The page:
Eventually the federal government can sell those rights to clean electricity plants that need access to the lines.
It’s a promising policy tool that “just needs another zero in that budget line,” Jenkins says.
Though short on money, the proposed infrastructure bill does address approval logjams.
A long-running challenge in many parts of the US is that electricity generating capacity and energy demands grow faster than transmission systems. People and businesses want cheap, reliable electricity, but few embrace the necessary towers and wires—especially if they seem to deliver electricity and economic benefits mostly to far-off areas. There are often aesthetic, environmental, social justice, and business competition criticisms as well.
“If we are going to meet our climate goals, we have to figure out ways to approve these big transmission projects—and historically we’ve struggled to do so,” said Lindsey Walter, deputy director of the climate and energy program at Third Way, a center-left think tank in Washington, DC, in an email.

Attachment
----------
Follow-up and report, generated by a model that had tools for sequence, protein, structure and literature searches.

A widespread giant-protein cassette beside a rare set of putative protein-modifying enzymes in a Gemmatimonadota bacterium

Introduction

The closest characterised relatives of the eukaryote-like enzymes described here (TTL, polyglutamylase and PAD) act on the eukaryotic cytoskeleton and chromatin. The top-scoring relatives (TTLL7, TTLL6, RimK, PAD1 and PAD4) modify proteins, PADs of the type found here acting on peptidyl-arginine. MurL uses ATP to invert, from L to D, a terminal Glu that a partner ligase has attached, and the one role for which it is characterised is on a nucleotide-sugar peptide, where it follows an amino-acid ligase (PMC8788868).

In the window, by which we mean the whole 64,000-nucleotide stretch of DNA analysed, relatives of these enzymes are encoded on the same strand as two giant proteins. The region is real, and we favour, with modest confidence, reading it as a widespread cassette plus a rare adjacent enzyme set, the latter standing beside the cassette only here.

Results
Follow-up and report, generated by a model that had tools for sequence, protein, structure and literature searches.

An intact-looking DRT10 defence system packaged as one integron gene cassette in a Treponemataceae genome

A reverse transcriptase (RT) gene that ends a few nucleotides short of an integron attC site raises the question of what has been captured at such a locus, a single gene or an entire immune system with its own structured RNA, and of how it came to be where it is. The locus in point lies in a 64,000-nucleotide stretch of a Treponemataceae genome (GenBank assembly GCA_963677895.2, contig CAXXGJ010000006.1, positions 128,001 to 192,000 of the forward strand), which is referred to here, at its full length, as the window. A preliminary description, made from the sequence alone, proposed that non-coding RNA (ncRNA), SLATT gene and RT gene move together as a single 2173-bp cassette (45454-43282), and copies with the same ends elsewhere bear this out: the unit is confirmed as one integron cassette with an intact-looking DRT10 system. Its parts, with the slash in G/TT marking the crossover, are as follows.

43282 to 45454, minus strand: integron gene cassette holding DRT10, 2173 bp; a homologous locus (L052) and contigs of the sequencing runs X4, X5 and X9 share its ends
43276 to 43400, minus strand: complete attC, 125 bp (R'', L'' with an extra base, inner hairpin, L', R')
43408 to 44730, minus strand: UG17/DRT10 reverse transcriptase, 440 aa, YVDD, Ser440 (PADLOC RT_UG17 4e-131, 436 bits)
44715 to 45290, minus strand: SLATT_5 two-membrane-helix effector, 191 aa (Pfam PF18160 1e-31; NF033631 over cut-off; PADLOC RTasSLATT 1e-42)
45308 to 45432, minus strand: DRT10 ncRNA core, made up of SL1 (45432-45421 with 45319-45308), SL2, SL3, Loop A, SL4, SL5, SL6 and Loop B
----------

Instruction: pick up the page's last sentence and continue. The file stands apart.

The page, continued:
A 2005 energy law sought to address these tensions, granting the Federal Energy Regulatory Commission (FERC) the ability to step in and sign off on projects that could alleviate transmission constraints in certain areas designated national electric transmission corridors. But so far, the Department of Energy has only designated two such areas, in the mid-Atlantic and in Southern California.
In addition, a federal court of appeals ultimately limited FERC’s authority, finding it only had the right to sign off on projects if states or other jurisdictions held up an application for more than a year. It did not have the ability to overrule state rejections of applications under the law, the court ruled.